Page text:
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Researcher Studies How Messaging On COVID-19 Disparities Affects Policy Preferences


As the coronavirus started creeping and then raging across the country, it didn't take long to notice a change - among some people, at least - from we're all in this together to I'm not wearing a mask, and why aren't you opening my hair salon and my gym? Still, others, perhaps initially indifferent, started taking protective measures more seriously and showed support for public officials who did the same.

Back in May, Evan Lieberman couldn't help but wonder what role, if any, race played in all this, especially the increasing emphasis on how COVID-19 was disproportionately affecting certain groups. Lieberman is a professor of political science and contemporary Africa at Massachusetts Institute of Technology and along with researcher Alison Harrell co-authored a new study in the journal Social Science and Medicine looking at how sharing information about the pandemic's racial disparities affected people's policy opinions.

To explain more, we called Evan Lieberman, and he's with us now. Professor Lieberman, thank you so much for being with us.

EVAN LIEBERMAN: Hi, Michel. Thanks so much for having me on your show.

MARTIN: So, as briefly as you can and as simply as you can, what question were you asking? And what did you find?

LIEBERMAN: Well, really, we wanted to know, what is the effect of sharing information about these racial disparities, and who is dying from COVID? And so we conducted a survey of American adults, and we randomized the presentation of this information. So we asked them first a bunch of questions about themselves and their attitudes towards various groups, including about white people and about Black people. And we know that respondents don't always answer those questions so honestly, but we gave them a scale from 0 to 100 which allowed them to answer kind of colder or hotter along that scale.

And then what we did was we randomized who would get a visualization of that data. You know, at least among those Black respondents who weren't aware of the size of the disparities, those that learned this information said they were more likely to be concerned about the risk of infection. And that was good news. You know, for white respondents who said they had very favorable views towards Black people, there was also some good news, which is, they were more likely to say that the government should do more.

But then the bad news is that, you know, among those white respondents who had less favorable or colder views towards Black people, when they learned this information, on average, they said that they perceive much less risk of infection to themselves and to people in their networks. And they were more likely to say that, hey, government is already doing too much on COVID.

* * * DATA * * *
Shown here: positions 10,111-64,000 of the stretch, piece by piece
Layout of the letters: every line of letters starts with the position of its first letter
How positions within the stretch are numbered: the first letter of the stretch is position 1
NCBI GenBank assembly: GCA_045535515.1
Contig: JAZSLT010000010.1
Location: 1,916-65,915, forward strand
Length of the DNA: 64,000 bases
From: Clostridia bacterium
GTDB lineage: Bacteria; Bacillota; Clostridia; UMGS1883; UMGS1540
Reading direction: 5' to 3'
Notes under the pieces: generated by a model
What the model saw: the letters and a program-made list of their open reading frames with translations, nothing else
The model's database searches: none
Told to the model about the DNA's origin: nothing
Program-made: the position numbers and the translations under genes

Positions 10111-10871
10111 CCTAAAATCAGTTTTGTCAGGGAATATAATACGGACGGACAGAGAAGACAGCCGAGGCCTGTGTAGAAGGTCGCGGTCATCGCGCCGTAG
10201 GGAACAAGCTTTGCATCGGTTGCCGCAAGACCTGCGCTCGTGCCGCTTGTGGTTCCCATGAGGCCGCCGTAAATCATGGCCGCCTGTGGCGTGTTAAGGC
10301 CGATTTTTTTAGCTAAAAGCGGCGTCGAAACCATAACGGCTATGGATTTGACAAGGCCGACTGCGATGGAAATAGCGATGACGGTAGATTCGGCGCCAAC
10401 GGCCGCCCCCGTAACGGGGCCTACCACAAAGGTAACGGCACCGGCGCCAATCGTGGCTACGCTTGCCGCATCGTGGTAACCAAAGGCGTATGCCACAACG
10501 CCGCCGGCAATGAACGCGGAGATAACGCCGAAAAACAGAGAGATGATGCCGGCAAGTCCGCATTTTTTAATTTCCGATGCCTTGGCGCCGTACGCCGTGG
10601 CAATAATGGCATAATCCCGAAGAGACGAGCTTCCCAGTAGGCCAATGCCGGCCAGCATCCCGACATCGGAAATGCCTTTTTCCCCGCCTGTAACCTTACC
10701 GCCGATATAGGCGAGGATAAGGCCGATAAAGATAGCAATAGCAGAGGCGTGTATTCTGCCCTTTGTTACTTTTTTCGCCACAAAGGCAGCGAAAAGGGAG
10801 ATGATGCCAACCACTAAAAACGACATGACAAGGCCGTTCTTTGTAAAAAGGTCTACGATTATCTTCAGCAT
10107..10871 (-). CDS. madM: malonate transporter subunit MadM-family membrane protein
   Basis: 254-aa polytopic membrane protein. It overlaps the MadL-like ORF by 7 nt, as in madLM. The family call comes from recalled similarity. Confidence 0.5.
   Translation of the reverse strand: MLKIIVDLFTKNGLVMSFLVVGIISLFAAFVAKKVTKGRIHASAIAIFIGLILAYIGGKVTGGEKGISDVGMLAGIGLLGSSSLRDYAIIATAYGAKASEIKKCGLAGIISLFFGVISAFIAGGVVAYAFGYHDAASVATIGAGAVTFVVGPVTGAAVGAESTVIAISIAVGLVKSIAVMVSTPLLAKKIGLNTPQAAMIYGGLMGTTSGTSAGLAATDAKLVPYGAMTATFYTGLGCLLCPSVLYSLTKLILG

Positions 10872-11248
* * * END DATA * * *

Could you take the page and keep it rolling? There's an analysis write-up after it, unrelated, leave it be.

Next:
MARTIN: So just to put it simply, that white people who expressed more negative feelings toward Black people, when they heard that they were racial disparities, they saw less risk to themselves, and they were more hostile toward efforts to contain the pandemic.


MARTIN: Because obviously, we've done a lot of reporting around this - just anecdotal reporting. And what we found is a lot of people saying, I don't know - personally know anybody who's gotten sick, so I don't believe it. And what you're saying, it's actually something else, which is that more information that says that this affects people disproportionately makes people not only not care, but it makes them want to just ignore it.

LIEBERMAN: Well, look; I think for everybody, a virus is invisible, and we rely upon public health authorities and the media to give us information about how to understand what's going on. So, of course, to a certain extent, when public health authorities or the media tell us that there are particular groups - right? - let's say it's older people - that are more likely to be affected or infected, you might say, well, I'm a younger person, and this is not likely to affect me. And our point was that among certain groups of white Americans who don't feel particularly close and aren't in networks with African Americans, learning about the fact that this was disproportionately a problem that faced African Americans, they really relied on that heuristic to say, hey, this isn't really our problem.